The Weird, Wacky & Wonderful: Western Australia’s most unique tourism attractions

Questa Casa Kalgoorlie
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Western Australia ain’t short on world class tourist attractions, from our beautiful beaches to the spectacular landscapes and everything in between.

But what about the stuff you won’t find on most travel brochures? The curious and curiouser…

Here’s a selection of our favourite weird, wonderful and wacky spots to visit around Western Australia:

Gnomesville

An ever-expanding community of gnomes… Really! No one seems to be all that clear on Gnomesville’s origins, with some saying a gnome was placed there in protest of a new roundabout, others saying it was the random appearance of one gnome that started it all. In any case, as people have added to the collection one by one, the gnomes have since grown to a population of 10,000 – with classic garden gnomes, raunchy gnomes, commemorative gnomes and every type of gnome you can imagine, brought from every corner of the globe. Anyone can leave a gnome, bringing one from home or picking one up at the nearby Ferguson Valley Visitor Centre – find out more here.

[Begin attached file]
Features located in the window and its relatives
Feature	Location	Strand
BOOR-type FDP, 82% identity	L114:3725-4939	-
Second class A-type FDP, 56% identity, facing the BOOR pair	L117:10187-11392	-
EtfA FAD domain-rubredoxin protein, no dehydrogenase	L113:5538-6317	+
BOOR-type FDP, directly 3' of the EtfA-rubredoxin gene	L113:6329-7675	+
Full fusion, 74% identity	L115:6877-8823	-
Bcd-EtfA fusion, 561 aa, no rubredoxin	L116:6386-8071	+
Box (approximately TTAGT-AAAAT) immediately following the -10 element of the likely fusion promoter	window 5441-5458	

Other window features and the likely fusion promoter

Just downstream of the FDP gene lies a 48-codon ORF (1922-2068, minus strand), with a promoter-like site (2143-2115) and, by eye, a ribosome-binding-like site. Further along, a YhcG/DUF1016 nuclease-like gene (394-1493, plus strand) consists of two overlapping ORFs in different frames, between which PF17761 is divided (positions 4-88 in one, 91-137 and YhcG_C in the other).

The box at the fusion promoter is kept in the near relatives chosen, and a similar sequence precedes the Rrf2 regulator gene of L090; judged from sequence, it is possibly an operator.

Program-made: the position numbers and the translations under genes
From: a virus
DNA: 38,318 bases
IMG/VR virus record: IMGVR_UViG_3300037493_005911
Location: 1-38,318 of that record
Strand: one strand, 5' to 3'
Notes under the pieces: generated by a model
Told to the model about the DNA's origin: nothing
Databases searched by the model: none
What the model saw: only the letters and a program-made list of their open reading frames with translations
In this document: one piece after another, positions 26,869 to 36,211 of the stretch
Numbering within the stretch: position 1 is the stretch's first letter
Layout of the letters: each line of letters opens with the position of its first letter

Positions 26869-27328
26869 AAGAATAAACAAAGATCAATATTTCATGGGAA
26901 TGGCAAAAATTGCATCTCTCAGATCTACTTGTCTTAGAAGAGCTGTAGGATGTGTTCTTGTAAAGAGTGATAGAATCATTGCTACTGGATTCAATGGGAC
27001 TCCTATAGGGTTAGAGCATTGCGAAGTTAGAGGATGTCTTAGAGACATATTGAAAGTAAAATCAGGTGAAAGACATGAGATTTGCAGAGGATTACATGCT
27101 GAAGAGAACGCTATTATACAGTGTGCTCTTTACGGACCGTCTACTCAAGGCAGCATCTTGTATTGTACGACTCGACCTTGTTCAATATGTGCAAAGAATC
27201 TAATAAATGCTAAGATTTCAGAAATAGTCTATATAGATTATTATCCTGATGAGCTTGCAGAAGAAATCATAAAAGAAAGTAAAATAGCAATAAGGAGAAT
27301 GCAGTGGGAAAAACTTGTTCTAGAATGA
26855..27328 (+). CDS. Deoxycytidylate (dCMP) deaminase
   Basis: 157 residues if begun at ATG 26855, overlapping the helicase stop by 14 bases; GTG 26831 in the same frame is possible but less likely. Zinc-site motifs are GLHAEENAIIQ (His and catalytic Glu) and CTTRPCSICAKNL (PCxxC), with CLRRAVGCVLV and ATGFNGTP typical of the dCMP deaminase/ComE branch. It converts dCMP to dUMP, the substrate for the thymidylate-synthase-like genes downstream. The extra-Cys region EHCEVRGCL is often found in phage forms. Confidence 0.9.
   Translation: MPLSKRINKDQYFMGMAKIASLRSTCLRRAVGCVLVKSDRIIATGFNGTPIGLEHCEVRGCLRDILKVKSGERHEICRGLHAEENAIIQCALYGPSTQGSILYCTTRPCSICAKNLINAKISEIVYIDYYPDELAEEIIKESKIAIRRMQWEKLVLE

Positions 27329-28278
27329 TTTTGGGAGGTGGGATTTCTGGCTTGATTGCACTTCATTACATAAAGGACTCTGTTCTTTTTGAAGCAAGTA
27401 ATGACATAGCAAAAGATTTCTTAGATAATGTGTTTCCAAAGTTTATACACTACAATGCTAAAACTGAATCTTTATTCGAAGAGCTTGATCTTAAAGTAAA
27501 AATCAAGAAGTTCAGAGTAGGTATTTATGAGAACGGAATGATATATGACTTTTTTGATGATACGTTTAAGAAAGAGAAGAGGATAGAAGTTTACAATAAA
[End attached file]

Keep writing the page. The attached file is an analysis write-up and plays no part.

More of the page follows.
Gnomesville, Ferguson Valley

Questa Casa

Kalgoorlie’s iconic Hay Street is rich in all kinds of history, one of which its status as home to one of the world’s oldest working brothels. Questa Casa is one of the last original brothels in Kalgoorlie, built during the gold rush years of the 1890s, and if you’re in town you can pop in for a guided tour. They go for just over an hour and offer an incredible insight into what life was like for the ladies who worked there. Tours operate daily from 3pm, your best bet is to book ahead.

Questa Casa Kalgoorlie

Stonehenge (Esperance)

Perhaps one of the Australia’s most odd/uncalled for tourist attractions, Esperance Stonehenge is the only full-size replica of the UK’s world-famous landmark. Consisting of 137 stones of Esperance Pink Granite, the horseshoe shape was built to align with the summer and winter solstice down in Esperance. It’s located on a working farm just outside of Esperance and is open from 9am every day (except Christmas Day), and is well worth a visit.


World’s Tallest Bin

Another Kalgoorlie curiosity, self-proclaimed World’s Tallest Bin is located on Hannan Street across from the Federal Hotel, climbing 26 feet into the air. First built in 1980, it was built by locals to as a reminder to the town to keep the streets clean as part of Kalgoorlie’s entry into the Tidy Town competition. Perhaps unsurprisingly, it has never quite reached world famous status, but it’s none-the-less a weird little (big) attraction to visit once you’ve clocked the Questa Casa.

World's Tallest Bin

Corrigin Dog Cemetery